City thinking, local knowledge

Fighting the fear of early retirement

By Questa Chartered

Statistics show that participation in the labour force by the 55+ age group is on the decline, partially due to the pandemic.

The figures indicate that many people over 55 have stopped looking for a job even if they are in good health and the right age to continue working. Those who don’t have a degree have been particularly hard hit and are being forced into retirement. There are others, however, who have been saving hard in the years leading up to the pandemic and who have just decided now is the right time to start enjoying their freedom.

But although you may have decided you’re in a position to retire early, how do you deal with the inevitable concerns?

What will you do with all your time? Will you miss the banter with your colleagues? How will it feel to no longer be part of the workforce? And most importantly, will your finances last long enough?

Tackling these issues head on will give you the confidence to pursue your dream or if you’ve been forced to take early retirement equip you with a strategy to approach it positively.

The financial side

The best way to handle any financial doubts is to crunch the numbers. Many of those who retire early, follow the FIRE principles (financial independence, retire early). To reassure yourself that you have the means to stop work, first of all you need to determine how much you have and how much you spend.

The FIRE community calculates whether they can retire early by assessing whether they have enough in their portfolio to cover their expenses by using the 4% rule. This works on the basis that if you withdraw 4% from your portfolio each year, then you should have enough money to last for 30 years or more. This is often changed to the 3% or 3.5% rule in light of current economic conditions and because many want to retire for 40 years.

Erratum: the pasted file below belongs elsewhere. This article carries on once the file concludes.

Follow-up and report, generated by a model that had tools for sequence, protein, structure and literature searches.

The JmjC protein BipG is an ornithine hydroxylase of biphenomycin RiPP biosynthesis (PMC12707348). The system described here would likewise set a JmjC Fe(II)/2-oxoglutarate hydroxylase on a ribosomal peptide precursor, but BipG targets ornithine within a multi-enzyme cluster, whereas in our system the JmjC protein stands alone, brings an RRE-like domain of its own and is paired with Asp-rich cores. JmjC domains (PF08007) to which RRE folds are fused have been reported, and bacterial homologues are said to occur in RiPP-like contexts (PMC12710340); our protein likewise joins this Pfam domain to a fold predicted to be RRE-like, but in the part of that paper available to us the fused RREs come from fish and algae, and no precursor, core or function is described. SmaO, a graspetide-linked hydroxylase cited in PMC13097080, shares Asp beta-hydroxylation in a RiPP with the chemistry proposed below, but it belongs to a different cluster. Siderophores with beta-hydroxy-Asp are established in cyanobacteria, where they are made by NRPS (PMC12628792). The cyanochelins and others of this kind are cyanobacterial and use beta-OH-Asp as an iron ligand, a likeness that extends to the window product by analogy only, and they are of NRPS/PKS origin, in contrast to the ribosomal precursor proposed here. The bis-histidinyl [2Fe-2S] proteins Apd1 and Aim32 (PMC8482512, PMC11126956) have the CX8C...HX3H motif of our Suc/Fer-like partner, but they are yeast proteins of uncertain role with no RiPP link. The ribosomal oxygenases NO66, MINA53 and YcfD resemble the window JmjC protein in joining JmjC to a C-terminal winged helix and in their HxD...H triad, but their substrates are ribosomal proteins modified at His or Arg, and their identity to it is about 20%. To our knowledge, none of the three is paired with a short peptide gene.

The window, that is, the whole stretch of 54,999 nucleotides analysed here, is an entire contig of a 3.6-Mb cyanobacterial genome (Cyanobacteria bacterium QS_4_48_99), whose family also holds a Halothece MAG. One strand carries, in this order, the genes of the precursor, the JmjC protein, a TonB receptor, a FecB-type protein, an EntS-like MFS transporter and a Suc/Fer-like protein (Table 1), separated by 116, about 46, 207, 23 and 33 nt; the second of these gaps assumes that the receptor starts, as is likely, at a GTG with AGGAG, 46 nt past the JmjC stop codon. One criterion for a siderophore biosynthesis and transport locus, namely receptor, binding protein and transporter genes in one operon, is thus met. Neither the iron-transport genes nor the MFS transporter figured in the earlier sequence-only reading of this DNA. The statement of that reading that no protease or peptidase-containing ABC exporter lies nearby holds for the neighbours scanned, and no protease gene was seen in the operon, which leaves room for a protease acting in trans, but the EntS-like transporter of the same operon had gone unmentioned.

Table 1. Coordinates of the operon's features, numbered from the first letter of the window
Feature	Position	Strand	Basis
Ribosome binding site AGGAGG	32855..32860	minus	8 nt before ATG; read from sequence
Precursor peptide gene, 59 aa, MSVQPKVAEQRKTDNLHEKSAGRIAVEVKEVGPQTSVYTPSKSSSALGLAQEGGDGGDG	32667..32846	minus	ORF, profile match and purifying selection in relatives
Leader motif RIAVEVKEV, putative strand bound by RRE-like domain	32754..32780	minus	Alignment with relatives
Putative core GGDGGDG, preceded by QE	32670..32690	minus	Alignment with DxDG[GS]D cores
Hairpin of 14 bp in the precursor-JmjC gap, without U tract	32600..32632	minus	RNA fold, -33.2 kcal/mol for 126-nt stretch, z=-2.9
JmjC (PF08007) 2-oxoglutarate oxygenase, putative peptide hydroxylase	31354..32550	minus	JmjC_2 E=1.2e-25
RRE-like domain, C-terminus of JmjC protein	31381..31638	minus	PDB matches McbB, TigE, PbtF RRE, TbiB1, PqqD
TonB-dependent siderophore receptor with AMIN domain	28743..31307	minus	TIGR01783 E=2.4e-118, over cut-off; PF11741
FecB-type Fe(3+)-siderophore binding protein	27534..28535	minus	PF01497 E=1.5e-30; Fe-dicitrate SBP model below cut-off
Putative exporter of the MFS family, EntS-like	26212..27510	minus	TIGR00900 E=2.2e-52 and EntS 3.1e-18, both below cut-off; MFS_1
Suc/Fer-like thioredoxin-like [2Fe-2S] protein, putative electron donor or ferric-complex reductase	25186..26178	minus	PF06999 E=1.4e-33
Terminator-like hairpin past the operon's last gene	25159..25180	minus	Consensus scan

You need to determine how much you spend each year (taking into account any debt repayments) Once you know that figure, simply multiply it by 25 if you’re basing it on the 4% rule. So if you spend £50,000 a year, then multiply that by 25 and you’ll need £1.25 million. If you’re expecting a longer retirement, use the 3.5% rule and multiply your ‘spend-figure’ by 30, giving you £1.5 million as your target.

By running this calculation you can see whether your portfolio will be able to fund your retirement and make any necessary adjustments.

Preparing yourself for retirement

Even if some people long to give up work, they can still have doubts about missing the structure, responsibility and sense of worth their job gives them. That’s why it’s important to really think about what retirement will look like for you, before you take the plunge.

Maybe go half-way. Take a part-time job. That way you would still have some income to cover your day-to-day expenses without tapping into your retirement savings. It would also have the advantage of allowing your portfolio more time to grow.

Consider doing some volunteer work or helping with a charity so you’re still getting out meeting people and following a routine. Set some goals for things you’ve always wanted to do. Write that book, visit new places and take up a new hobby.

Above all, sit back, relax and enjoy your retirement!

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